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Standard costs are determined for each element of costbe it direct material, direct labour, overheads (fixed and variable)- separately and then variations from actual costs are computed in respect of each element distinctly so as to detect which part of the costs needs control and to which department, process or operation, the responsibility may be placed
When the actual costs are compared with the standard costs, some deviations normally occur. The deviation of actual from the standard is known as variance. The variance may be favorable or unfavorable according to the circumstances. If the actual cost is more than the standard cost, the variance shall be adverse or unfavorable. In case the standard cost is more than the actual cost, a favorable variance would result.
Variable overheads are divided into three categories. Manufacturing variable overhead Administration variable overhead Selling & distribution variable overhead Such variance may therefore be calculated separately for each of these overheads . 1. 2. 3.
Standard variable overhead on actual production is the product of standard variable overhead rate per unit multiplied by the actual production for the period. . VOCV= Standard variable overheads production ± Actual variable overheads on actual Where.The difference between the standard variable overheads for actual output and the actual variable overheads is known as Variable overhead cost variance (VOCV).
Standard variable overhead rate per unit = Budgeted variable overheads Budgeted Output .
2.1. Certain variable overheads may vary according to time also and hence VOCV may be segregated into: Variable Overhead Expenditure Variance (VOEXPV) Variable Overhead Efficiency Variance (VOEFFV) .
The formulae for computation of the above variances are as under: VOEXPV= Actual time X ( Standard overhead rate ± Actual overhead rate) OR Standard variable overheads for actual time ± Actual variable overhead .
Standard Variable overheads for actual time = Standard Variable Overhead rate per hour X Actual hours .Where.
The formulae for computation of the above variance (VOEFFV) are as under: VOEFFV= Standard variable overheads on actual production ± standard variable overheads for actual time .
In other words. While the cost in the traditional accounting refers to the historical cost. Inflation Accounting is a system of accounting which shows the effect of changing costs and prices on affairs of a business unit during an accounting year. . in inflation accounting it represents the cost that prevails at the time of reporting.Inflation normally refers to the increasing trend in general price level. it is a state in which the purchasing power of money goes down.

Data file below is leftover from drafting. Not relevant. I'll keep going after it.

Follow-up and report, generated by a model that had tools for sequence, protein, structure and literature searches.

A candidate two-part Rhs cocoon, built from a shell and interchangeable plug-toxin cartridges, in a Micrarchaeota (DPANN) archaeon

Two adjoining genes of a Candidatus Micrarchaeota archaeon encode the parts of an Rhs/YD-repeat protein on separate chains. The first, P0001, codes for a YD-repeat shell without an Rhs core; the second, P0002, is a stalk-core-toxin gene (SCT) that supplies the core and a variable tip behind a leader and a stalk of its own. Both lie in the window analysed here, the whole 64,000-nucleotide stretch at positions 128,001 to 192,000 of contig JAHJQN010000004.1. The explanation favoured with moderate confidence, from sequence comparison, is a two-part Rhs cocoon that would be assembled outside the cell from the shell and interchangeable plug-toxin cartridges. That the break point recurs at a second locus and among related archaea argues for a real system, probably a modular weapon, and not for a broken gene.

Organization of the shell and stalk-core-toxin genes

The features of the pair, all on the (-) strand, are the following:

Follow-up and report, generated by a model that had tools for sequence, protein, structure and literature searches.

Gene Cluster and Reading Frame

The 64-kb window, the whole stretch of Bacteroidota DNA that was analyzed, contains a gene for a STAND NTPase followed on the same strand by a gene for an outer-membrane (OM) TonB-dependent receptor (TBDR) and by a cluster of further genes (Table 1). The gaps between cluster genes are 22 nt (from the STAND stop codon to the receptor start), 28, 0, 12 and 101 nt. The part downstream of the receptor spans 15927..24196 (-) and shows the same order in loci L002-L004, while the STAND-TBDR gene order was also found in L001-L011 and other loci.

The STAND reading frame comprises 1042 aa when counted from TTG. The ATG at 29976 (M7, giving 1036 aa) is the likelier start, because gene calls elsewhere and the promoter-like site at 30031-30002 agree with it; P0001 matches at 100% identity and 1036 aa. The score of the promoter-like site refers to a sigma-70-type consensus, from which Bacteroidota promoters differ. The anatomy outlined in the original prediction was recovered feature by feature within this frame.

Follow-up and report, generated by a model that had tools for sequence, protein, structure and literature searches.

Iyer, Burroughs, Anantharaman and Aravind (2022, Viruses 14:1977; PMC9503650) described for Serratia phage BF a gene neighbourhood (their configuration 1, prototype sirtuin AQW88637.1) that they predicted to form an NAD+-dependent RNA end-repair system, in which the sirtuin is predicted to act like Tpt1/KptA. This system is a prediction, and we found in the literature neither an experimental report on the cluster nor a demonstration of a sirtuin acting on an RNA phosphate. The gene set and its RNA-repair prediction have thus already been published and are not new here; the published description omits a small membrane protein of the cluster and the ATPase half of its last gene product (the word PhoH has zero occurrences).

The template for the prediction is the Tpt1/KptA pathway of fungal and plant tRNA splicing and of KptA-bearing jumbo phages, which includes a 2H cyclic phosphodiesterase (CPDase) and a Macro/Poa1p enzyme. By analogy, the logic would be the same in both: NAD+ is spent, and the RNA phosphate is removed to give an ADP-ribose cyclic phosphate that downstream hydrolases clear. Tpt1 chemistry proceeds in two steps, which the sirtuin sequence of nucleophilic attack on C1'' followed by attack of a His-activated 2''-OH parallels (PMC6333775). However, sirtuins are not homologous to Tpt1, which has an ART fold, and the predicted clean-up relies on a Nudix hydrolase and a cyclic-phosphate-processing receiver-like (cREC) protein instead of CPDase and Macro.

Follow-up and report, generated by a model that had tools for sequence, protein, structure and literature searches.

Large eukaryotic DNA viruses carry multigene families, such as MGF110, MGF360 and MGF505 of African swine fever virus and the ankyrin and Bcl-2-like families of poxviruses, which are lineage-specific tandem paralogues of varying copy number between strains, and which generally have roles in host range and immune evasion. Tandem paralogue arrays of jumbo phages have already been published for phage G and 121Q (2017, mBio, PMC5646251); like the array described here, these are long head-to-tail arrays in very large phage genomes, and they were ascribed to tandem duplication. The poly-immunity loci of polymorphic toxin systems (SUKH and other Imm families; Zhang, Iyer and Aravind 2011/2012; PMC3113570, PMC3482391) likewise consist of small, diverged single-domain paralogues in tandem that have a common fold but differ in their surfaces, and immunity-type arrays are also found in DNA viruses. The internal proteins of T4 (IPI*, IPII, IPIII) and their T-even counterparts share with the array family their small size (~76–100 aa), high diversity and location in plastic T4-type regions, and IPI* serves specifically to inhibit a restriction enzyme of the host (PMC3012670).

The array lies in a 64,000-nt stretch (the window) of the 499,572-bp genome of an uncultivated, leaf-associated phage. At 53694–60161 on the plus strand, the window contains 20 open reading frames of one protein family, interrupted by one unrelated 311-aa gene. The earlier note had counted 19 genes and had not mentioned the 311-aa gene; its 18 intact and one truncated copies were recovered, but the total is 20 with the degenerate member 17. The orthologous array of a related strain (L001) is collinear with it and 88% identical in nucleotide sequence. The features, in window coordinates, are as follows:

historical cost based depreciation would be highly insufficient to replace the existing assets at current cost. assets are shown at historical cost. year after year. Moreover current revenues for the period are not properly matched with the current cost of operation. . the problems created by price changes in the historical cost based accounts necessitated some method to take care of inflation into the accounting system.In the traditional accounting. During the inflationary period. Thus.
(a) Current Purchasing Power Method (CPP Method) (b) Current Cost Accounting Method (CCA Method) .
.All items in the financial statements are restated in terms of units of equal purchasing power. CPP method distinguishes between monetary and non-monetary items. which arise due to change in the value of rupee. The CPP method basically attempts to remove the distortions in Financial statements.
Historical value of asset Price Index at the date of conversion Price at the date of transaction .
. The consumer price index on that date was 125 and it was 250 at the end of the year.000. A company purchased a plant on 1/1/2005 for a sum of Rs. Restate the value of the plant as per CPP method as on 31st December 2005. 45.
Conversion Factor = Price Index (31/12/2005)=250 / Price Index (1/1/2005) = 125 =2 Value of the plant on 31/12/05 = Historical Cost x Conversion Factor Rs 45.000 x 2 = Rs 90.000 .
During the period of inflation the holder of monetary assets lose general purchasing power since their claims against the firm remain fixed irrespective of any changes in the general price levels. Preference share capital etc. . the holder of monetary liabilities gains since he is to pay the same amount due in rupees of lower purchasing power. Conversely. creditors. debentures. Example debtors.Monetary Items (both assets and liabilities) are those items whose amounts are fixed by contractor otherwise they remain constant in terms of monetary units.